There are a few railroads that haven't been very interesting to me. I am sure that is the case with many modelers. Usually the reason for me is simply a disconnection. I don't dislike the railroad, it just doesn't excite me in anyway. Over the years my opinion sometimes changes and usually the cause is when I physically visit a location on that particular railroad. This happened to me a few years ago with the Rock Island.
Not long ago I was in the Oklahoma City area with a friend. We drove out to El Reno because I enjoy visiting smaller cities when the opportunity rises. My friend knew that the Rock Island had shops there and so we went looking to see what remained. The shops, now long derelict, were a shell of the their former glory but still impressive. This visit sparked an interest in me for something that was just some railroad that had failed in 1980, to something that was real and had an interesting past. I have no plans to model the Rock Island but I now have an interest and respect for the railroad.
ExactRail has proudly recreated a fraction of that past with a handful of HO & N scale freight cars. Below are the examples we have produced so far.
BERWICK 7327 BOXCAR HO SCALE
EVANS-USRE 5277 BOXCAR HO & N SCALE
P-S 5344 BOXCAR HO SCALE
PS-2CD 4427 COVERED HOPPER HO SCALE
THRALL 2244 15-PANEL GONDOLA - HEAVY TOP CHORD HO SCALE
VERT-A-PAC AUTORACK HO SCALE
I was lucky enough to live in the OKC area when the Rock went bust. Several of us members of the Crossroads Model Railroad Club (since disbanded) got permission to get into the yards when all the remaining diesels were hauled there. Saw every paint scheme except the “cigar band”. There were also several different classes of rolling stock there. I now am back in the OKC area and it sure is a shame to see the yards now. Long live the Rock Island.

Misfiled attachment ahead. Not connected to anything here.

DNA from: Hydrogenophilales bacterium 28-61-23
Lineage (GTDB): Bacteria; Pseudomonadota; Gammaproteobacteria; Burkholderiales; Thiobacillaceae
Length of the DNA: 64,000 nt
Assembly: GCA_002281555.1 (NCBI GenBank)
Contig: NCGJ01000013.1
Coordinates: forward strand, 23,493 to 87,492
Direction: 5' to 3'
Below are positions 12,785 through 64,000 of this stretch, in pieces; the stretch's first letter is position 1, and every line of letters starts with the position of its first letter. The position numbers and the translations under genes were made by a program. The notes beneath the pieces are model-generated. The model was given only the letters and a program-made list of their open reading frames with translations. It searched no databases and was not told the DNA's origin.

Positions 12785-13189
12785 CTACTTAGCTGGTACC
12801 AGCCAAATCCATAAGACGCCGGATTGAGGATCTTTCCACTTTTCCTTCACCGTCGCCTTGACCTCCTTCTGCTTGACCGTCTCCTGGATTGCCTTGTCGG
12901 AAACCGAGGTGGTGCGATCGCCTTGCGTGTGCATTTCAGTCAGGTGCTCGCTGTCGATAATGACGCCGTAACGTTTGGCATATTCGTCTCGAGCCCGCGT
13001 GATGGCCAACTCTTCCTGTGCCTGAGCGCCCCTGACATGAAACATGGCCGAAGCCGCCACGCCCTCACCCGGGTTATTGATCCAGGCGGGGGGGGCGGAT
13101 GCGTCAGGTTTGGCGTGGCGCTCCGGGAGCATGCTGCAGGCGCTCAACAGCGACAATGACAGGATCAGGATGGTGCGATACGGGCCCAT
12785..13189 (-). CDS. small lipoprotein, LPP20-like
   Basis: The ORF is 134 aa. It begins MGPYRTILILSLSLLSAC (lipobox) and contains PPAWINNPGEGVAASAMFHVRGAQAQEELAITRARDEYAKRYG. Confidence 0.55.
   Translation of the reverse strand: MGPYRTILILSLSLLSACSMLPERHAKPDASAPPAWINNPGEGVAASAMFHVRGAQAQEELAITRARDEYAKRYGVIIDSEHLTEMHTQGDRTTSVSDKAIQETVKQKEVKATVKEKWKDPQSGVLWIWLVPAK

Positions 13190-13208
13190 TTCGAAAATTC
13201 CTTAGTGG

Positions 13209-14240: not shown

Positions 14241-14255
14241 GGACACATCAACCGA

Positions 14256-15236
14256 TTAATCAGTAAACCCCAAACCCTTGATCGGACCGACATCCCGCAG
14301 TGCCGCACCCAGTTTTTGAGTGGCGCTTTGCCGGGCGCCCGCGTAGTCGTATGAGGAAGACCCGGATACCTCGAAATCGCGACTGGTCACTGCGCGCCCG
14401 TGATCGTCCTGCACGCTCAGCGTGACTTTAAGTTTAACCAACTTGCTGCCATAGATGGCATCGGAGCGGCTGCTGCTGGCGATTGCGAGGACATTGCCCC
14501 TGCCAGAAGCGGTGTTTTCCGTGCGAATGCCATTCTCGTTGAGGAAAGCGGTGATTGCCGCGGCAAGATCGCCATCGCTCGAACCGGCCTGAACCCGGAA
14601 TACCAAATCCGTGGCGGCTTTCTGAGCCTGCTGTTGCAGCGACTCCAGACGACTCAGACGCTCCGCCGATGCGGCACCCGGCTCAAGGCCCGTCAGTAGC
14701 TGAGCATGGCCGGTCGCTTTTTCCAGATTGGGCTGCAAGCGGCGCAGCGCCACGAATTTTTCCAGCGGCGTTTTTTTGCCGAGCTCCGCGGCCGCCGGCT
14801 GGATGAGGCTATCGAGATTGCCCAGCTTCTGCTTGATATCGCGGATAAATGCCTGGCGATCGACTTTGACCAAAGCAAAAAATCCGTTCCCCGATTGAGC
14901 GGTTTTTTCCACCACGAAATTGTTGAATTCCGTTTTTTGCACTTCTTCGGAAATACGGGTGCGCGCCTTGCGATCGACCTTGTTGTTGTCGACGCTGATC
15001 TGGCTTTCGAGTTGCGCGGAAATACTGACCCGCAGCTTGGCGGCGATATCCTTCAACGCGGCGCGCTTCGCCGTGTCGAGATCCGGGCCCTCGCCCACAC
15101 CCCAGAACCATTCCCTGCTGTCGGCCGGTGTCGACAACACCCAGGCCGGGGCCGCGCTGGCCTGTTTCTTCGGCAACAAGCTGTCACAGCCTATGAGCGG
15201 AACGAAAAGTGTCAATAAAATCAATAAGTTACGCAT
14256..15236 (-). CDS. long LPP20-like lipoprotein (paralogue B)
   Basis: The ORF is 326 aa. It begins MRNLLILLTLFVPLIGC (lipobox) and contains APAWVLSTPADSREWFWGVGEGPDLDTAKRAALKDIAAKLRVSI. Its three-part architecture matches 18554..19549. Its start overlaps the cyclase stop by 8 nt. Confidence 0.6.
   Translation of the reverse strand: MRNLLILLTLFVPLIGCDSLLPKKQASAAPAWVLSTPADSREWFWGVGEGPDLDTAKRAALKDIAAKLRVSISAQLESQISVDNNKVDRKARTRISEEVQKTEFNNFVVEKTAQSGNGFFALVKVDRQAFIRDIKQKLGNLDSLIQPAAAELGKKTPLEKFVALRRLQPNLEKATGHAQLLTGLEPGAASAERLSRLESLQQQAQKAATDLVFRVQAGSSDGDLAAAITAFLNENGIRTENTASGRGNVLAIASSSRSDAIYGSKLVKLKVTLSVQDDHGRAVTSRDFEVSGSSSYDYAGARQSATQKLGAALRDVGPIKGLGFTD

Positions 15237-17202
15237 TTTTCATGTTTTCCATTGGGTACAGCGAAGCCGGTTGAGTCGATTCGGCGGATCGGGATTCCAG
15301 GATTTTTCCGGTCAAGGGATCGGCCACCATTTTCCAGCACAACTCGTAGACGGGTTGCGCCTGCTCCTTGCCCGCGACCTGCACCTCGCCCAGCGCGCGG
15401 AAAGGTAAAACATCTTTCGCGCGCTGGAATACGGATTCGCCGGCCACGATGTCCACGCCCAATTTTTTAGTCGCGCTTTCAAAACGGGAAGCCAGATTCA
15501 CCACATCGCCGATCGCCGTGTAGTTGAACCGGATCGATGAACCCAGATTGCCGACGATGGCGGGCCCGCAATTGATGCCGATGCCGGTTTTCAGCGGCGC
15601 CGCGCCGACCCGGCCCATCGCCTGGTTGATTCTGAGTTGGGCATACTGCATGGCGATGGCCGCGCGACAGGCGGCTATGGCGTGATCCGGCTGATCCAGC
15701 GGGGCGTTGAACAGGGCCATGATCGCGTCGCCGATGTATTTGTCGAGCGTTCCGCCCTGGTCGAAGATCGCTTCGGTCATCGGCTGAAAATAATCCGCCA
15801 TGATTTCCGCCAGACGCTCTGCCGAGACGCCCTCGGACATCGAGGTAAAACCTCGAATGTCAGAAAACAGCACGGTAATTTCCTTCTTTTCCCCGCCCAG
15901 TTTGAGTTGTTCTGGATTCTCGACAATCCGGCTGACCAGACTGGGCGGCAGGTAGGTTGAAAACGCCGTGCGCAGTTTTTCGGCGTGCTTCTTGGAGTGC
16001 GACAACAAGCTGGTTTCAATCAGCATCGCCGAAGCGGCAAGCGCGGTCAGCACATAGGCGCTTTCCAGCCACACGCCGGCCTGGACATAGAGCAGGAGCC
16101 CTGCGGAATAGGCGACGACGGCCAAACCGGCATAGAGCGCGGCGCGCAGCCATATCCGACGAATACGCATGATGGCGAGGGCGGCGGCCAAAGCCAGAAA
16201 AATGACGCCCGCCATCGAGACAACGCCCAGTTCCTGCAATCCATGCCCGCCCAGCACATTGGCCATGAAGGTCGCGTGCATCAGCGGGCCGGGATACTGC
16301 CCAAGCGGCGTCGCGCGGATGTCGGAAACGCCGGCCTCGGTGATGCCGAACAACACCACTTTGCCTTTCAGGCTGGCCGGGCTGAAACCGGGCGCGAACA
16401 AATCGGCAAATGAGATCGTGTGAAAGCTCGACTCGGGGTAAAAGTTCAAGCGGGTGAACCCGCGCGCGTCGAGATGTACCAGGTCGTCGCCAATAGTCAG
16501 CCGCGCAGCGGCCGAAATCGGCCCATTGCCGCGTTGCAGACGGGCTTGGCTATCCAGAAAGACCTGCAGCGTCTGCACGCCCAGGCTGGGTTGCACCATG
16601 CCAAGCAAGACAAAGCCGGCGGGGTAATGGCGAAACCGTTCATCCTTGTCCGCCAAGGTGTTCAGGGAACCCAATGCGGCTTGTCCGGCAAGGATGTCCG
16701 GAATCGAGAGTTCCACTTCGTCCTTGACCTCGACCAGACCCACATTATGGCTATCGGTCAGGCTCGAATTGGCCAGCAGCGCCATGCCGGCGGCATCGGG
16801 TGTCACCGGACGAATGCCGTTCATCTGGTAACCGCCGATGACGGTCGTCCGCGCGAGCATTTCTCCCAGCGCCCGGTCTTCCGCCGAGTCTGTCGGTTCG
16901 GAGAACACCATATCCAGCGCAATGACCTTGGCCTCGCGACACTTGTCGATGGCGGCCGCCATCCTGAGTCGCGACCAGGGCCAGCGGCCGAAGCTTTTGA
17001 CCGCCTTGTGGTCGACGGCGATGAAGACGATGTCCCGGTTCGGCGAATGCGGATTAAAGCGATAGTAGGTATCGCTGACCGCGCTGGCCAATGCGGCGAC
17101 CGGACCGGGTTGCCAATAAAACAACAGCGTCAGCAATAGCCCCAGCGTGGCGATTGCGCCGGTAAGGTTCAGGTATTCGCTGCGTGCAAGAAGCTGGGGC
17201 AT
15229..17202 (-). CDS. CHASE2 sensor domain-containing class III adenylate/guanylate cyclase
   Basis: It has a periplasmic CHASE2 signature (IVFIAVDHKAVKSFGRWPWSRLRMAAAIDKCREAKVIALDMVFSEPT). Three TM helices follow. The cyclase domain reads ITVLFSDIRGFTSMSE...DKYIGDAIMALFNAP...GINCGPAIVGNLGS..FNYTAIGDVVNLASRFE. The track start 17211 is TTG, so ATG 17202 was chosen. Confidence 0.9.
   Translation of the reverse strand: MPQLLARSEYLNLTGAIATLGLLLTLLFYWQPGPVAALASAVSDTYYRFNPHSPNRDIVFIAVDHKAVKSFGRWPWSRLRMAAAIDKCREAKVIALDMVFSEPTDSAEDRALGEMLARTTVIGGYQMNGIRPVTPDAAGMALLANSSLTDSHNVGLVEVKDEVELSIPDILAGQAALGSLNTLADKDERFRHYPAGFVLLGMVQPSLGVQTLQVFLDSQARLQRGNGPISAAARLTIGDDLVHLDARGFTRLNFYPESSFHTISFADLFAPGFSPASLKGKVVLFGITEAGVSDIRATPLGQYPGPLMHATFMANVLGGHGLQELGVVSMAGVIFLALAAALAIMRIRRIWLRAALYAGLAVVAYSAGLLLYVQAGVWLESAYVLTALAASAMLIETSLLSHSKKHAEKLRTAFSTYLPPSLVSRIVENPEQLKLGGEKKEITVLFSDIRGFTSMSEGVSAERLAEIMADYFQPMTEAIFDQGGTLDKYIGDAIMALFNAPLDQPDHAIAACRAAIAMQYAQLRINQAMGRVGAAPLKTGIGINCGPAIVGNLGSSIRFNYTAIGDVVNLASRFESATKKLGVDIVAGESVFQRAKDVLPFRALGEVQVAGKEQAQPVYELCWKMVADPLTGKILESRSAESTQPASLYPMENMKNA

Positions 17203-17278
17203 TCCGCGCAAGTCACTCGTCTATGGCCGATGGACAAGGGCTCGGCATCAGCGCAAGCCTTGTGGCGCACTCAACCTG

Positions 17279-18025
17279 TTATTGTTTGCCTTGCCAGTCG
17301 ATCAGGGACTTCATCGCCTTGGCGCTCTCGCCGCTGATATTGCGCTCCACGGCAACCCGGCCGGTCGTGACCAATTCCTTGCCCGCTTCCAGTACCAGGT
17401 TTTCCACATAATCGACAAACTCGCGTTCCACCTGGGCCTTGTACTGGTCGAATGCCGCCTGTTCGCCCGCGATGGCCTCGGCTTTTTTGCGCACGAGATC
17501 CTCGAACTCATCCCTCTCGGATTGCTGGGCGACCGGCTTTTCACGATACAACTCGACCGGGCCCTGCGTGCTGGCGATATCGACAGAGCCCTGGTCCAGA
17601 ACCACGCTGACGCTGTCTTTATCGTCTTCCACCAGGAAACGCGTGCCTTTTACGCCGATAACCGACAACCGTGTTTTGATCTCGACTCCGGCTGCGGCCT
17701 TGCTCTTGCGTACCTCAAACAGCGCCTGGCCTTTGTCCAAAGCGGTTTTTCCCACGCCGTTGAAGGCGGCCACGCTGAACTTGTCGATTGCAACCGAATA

The Rock Island line was a mighty good road. The Rock Island line was the road to ride.
Hats off to Exactrail once again. The only manufacturer to significantly recognize one of the most fantastic railroads having ever existed. While many have produced samples of the Rock’s rollings stock over the years, no one has ever featured their equipment (1960’s-late 1970’s) at the quality level you have. Your freight car choices have been both timely and appropriate. Undoubtedly some of the most popular and significant in the Rock’s Islands large car fleet. What modeler or rail historian couldn’t appreciate a railroad with such a colorful collection of eclectic locomotives and rollings stock? A great variety. The diversity of their freight operations from the decade of the 1960’s to the end of the 1970’s featured lot’s of variety. From long manifests and drag freights to unit grain trains and priority intermodal symbols. Even participation in the famed Ford FAST and ARRO (#57) Auto Part trains “hotshots” that ran from Detroit stamping plants to the delivery at California assembly lines of Ford and General Motors. Routes from Minneapolis to Houston, Memphis to Tucumcari, South Chicago to Denver their freight interchange was complex and colorful. From the simple “Indian Turtle” outlined herald presented in the late 1930’s on Tuscan Red to 30’ tall block letters in the 1960’s on Plain Gray. A 1970’s forty two inch “speed” lettering font succeed by several thousand cars dressed in the 1975 “Big R” schemes Ingram Blue. At the time of their final bankruptcy and liquidation (March of 1980) they rostered just under 30,000 total freight cars in all these schemes. Multifaceted? Multifarious? Maybe just plain multiplicity. All apt descriptions of the awesome Rock Island right to the end. So a kudos goes to you guys at Exactrail. Your products have once again comprehended and interpreted the goodness we all appreciate in a fabulous scale model. Blaine, Chris and company your stuff is exceptional. Thank you guys. Keep it coming.